Unfortunately, in practice, this ratio often exists in the opposite direction, and teens receive far more negative reinforcement than positive affirmations. An emphasis on the negative can be the driving force behind negative feelings about school, even if your teen is performing well.

The best way to address this problem is to focus on what your teen is doing well. Additionally, pick and choose your battles when it comes to criticism. Remember, we all make many mistakes on our way to adulthood.

When giving praise, it is essential to be genuine and specific. The following are some examples of what you can say:

  • I’m so proud of the effort you’ve been putting into your schoolwork
  • You must have studied hard for that test because your grades have improved
  • You’re doing a great job of managing your time

Notice that all three examples are related to behavior rather than the outcome (i.e., grades). Your teen has far more control over their behavior. Emphasizing the behavior can help your teen sustain their academic performance while minimizing the academic pressure they feel.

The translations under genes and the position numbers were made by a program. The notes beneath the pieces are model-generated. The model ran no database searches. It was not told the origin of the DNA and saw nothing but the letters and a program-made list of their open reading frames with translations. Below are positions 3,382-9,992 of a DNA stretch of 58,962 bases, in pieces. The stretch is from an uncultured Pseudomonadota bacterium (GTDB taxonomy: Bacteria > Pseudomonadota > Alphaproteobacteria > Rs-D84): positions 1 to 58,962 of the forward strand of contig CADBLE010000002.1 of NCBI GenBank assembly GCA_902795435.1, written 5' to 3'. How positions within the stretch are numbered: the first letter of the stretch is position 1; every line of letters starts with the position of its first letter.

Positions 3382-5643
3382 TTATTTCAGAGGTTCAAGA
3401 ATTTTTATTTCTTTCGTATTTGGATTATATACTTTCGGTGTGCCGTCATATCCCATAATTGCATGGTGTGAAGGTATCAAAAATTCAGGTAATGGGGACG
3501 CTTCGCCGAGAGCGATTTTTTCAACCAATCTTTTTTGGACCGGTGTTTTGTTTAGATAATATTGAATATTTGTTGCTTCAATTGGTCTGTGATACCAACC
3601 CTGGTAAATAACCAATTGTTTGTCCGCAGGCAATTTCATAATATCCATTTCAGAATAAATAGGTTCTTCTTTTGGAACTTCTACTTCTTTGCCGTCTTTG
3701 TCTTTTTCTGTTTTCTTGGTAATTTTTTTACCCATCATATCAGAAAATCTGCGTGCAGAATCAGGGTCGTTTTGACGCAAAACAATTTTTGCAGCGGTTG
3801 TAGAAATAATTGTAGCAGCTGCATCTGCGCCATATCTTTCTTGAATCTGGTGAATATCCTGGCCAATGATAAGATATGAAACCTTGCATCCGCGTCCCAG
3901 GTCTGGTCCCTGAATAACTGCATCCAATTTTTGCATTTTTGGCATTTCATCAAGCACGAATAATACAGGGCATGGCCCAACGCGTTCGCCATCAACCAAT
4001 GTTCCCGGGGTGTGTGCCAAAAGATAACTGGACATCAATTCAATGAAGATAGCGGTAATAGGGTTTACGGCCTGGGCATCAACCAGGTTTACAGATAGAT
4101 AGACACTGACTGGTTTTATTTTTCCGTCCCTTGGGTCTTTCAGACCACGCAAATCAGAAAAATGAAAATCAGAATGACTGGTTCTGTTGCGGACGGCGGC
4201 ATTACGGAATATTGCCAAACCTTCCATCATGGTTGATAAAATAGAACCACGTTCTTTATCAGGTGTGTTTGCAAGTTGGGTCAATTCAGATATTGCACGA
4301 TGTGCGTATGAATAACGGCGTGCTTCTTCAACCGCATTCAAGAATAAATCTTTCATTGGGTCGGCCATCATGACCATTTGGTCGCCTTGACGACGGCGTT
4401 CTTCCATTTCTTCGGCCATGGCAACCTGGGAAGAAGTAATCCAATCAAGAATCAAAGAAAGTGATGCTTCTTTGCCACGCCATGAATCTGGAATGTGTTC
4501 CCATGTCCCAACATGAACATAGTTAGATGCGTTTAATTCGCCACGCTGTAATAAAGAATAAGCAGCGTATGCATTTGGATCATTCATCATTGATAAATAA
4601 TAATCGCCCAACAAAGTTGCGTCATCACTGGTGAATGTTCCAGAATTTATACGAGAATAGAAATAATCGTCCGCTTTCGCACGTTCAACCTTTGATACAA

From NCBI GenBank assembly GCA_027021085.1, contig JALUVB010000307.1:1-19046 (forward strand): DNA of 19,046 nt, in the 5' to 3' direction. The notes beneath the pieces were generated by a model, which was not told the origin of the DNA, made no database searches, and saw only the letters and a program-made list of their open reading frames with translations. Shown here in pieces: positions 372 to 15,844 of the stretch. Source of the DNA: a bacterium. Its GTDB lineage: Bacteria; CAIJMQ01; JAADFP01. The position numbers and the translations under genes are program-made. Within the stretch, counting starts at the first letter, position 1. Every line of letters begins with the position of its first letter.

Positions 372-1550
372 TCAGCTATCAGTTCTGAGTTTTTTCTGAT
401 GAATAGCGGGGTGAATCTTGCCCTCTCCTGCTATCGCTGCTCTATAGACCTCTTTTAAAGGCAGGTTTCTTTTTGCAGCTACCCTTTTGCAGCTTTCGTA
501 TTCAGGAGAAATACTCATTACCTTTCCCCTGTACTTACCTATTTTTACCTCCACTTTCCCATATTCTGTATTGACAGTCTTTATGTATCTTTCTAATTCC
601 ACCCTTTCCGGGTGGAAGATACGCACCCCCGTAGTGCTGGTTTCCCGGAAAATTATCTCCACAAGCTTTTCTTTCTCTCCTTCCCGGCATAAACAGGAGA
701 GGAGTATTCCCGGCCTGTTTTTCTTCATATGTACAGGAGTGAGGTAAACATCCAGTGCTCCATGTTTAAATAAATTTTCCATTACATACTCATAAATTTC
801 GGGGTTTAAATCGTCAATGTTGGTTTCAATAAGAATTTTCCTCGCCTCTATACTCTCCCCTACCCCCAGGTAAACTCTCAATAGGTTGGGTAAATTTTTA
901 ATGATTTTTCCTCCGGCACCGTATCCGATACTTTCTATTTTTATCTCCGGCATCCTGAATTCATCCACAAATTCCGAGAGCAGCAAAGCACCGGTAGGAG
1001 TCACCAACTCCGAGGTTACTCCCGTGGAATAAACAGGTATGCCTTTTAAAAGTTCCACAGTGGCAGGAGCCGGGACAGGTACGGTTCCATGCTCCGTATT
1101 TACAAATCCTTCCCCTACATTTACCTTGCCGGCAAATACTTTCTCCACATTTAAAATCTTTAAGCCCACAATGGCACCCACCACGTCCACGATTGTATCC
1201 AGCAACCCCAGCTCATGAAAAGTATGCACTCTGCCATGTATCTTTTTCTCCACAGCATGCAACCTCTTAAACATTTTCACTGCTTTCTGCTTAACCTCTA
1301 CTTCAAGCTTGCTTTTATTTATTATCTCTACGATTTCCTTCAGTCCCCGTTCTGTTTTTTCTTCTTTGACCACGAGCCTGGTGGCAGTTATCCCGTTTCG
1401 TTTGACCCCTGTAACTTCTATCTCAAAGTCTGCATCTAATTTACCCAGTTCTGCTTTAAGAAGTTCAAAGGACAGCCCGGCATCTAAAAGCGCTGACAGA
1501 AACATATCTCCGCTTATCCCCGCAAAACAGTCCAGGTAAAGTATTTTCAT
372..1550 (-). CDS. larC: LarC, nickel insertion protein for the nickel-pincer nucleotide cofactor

By affirming your teen’s efforts, you are letting them know that you see and appreciate their hard work. This type of positive reinforcement can be extremely helpful in alleviating academic pressure and improving mental health.

A reward system and help your teen navigate academic pressure and mental health

3. Create a Reward System

Teens often face an abundance of academic pressure because of the negative connotations they develop with school. If your teen perceives school negatively, ambition can turn into anxiety.

A great way to change this perspective is to develop a reward system. A reward system will demonstrate the value of your teen’s hard work and give them something positive to focus on. In an ideal world, grades would be enough, but in reality, grades hold little social or economic value in the eyes of teens.

The key to creating an effective reward system is ensuring the rewards are attainable and focused on the desired behavior instead of the outcome. 

It is also essential to avoid using rewards as a way to bribe or manipulate your teen into doing something. Your teen should agree to any reward. Getting their input will make the reward system far more effective.

I also recommend that the reward system be based on behavior rather than the outcome. Outcomes are hard to control, but establishing rewards for studying every day, or turning in homework on time, are far more likely to create positive habits and reduce stress.

If you want to set up a reward system with your teen, I encourage you to have a conversation with them. Let them know that you want to reward them for their hard work academically. Collaborate with them and select behaviors and rewards agreeable to both of you.